Introductory Physics for the Life Sciences

Course code PHYS1200Units 10Level 1000Faculty of Science and Information TechnologySchool of Mathematical and Physical Sciences

Physics underpins most aspects of modern technology and medicine. Two examples include the development of electromagnetic wave theory, which led to electric power, radio and television; and atomic physics, which resulted in electronics, microchips and computers, nuclear medicine and radiation treatment of cancers. This course provides an overview of topics in physics that are of particular importance to the life and medical sciences. The course is non-calculus based and covers mechanics (units, motion, biomechanics, energy), electricity and magnetism, heat, nuclear physics, fluids, and waves.

Not to count with PHYS1150, PHYS1205 or PHYS1210

In order to participate in this course, students must complete a compulsory Workplace Health and Safety requirement. Students will receive full information on this compulsory course component in the course outline provided by the school.

Available in 2015

Callaghan CampusSemester 1
Previously offered in 2014
ObjectivesOn successful completion of this course, students will be able to:

1. demonstrate their understanding of the basic principles and concepts underlying a broad range of fundamental areas of physics
2. apply their knowledge of physics to everyday situations
3. demonstrate analytic and problem solving skills
4. demonstrate their knowledge of physics in a laboratory environment
5. communicate their scientific knowledge logically and effectively
ContentA non-calculus based course aimed at providing students with a basic understanding of the main principles and concepts in the following areas:

*Basic Mechanics - Units of measurement and Unit conversions. Concentrations and Volumes. Laws of Motion. Mechanical equilibrium and biomechanics. Rotational Dynamics. Work & Energy. Human energy use and efficiency.

*Electricity - Electric charges, forces and fields. Voltage: cell membranes and Separation of DNA. Capacitance. Electric current and electrical power. Electric Circuits.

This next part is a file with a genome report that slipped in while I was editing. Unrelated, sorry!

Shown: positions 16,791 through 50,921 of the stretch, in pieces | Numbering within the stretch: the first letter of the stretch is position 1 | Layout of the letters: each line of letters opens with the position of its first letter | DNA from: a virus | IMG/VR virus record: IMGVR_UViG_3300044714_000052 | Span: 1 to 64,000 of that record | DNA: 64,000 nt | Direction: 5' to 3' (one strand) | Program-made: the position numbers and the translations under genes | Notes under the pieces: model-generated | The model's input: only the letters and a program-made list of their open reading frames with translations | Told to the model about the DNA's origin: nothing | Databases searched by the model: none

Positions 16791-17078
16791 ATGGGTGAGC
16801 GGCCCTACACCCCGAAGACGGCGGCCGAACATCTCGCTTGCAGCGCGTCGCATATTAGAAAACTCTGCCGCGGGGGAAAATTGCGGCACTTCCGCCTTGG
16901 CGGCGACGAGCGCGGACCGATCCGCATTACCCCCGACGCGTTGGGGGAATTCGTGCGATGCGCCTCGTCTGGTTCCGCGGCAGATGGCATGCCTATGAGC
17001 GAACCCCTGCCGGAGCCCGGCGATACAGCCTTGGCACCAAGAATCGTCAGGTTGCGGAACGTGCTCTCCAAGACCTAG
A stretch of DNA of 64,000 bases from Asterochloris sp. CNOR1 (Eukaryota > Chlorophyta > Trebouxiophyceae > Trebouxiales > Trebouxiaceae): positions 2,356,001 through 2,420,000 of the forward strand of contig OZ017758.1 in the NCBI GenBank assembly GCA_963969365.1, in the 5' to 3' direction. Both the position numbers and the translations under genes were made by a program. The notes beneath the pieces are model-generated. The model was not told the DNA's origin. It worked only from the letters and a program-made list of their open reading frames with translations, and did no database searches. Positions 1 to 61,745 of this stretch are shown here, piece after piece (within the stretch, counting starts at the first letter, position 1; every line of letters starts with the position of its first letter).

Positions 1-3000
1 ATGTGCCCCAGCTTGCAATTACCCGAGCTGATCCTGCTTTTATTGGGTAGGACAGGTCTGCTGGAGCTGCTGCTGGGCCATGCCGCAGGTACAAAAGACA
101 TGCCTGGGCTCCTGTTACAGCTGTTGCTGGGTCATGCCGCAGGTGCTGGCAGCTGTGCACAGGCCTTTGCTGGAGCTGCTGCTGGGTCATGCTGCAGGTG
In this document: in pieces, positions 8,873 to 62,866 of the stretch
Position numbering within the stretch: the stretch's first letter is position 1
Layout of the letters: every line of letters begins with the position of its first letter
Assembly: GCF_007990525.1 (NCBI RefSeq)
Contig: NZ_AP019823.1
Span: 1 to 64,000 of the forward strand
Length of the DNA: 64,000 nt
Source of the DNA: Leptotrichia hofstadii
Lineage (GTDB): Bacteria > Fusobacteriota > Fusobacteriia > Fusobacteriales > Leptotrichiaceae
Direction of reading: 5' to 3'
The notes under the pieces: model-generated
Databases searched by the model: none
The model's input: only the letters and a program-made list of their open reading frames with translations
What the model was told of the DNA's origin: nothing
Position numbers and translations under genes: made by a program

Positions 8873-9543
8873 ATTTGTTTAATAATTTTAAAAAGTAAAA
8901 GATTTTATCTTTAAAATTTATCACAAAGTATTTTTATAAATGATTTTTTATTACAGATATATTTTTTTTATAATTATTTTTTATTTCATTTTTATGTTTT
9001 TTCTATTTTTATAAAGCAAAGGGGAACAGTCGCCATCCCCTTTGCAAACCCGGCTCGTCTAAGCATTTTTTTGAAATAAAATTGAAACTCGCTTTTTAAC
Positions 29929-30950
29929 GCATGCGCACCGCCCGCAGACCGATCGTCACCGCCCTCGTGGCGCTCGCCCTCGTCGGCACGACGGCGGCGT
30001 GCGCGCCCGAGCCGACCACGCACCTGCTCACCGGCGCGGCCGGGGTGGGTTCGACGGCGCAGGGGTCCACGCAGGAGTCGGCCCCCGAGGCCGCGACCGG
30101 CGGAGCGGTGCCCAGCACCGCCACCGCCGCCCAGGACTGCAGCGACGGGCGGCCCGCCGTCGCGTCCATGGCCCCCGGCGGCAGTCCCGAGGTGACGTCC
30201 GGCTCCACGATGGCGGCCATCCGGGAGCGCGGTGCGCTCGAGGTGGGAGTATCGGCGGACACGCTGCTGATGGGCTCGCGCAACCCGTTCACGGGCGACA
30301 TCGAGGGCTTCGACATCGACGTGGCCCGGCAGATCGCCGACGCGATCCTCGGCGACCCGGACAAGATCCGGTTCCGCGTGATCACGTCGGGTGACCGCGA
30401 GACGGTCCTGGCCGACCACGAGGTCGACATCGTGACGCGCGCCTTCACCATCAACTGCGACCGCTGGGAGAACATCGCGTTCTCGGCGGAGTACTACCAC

Magnetism. Forces on electric charge and current in magnetic fields, Transformers. Applications to Life Sciences. Nuclear Magnetic Resonance

*Thermal Physics - Temperature. Thermal Expansion. Ideal Gas Law. Heat, Specific Heat. Calorimetry, Human activity and Heat. Heat Transfer.

*Nuclear Physics - Nuclear Structure, Radioactivity, Radiocarbon dating, Biology and ionising radiation. Isotopes and DNA.

*Fluid Mechanics - Density, Pressure and Viscosity. Archimedes Principle. Flow rate and Diffusion. Equation of Continuity. Bernoulli's Principle. Laminar and Turbulant Flow. Poiseuille's Equation. Surface Tension.

*Waves - SHM and Resonance. Types of Wave Motion. Reflection, Transmission, Superposition and Interference. EM Spectrum, Optical Instruments. Fluorescence and biology.
Replacing Course(s)N/A
TransitionBachelor of Medical Radiation Science students who defered their commencement or who failed PHYS1200 will take the replacement MRS course, MRSC1010.
Industrial Experience0
Assumed KnowledgeHSC Mathematics with a result in Bands 5 or 6, or a pass in MATH1002 or equivalent.
Modes of DeliveryInternal Mode
Teaching MethodsProblem Based Learning
Lecture
Laboratory
Tutorial
Assessment Items
Examination: Formal
Laboratory Exercises
Quiz - Class
Contact HoursLaboratory: for 3 hour(s) per Week for 6 weeks
Tutorial: for 1 hour(s) per Week for Full Term
Lecture: for 3 hour(s) per Week for Full Term
Compulsory Components
Compulsory Course ComponentWHS-Safety Induction or Risk Assessment. Compulsory Course Component: In order to participate in this course, students must complete a compulsory safety induction.
Timetables2015 Course Timetables for PHYS1200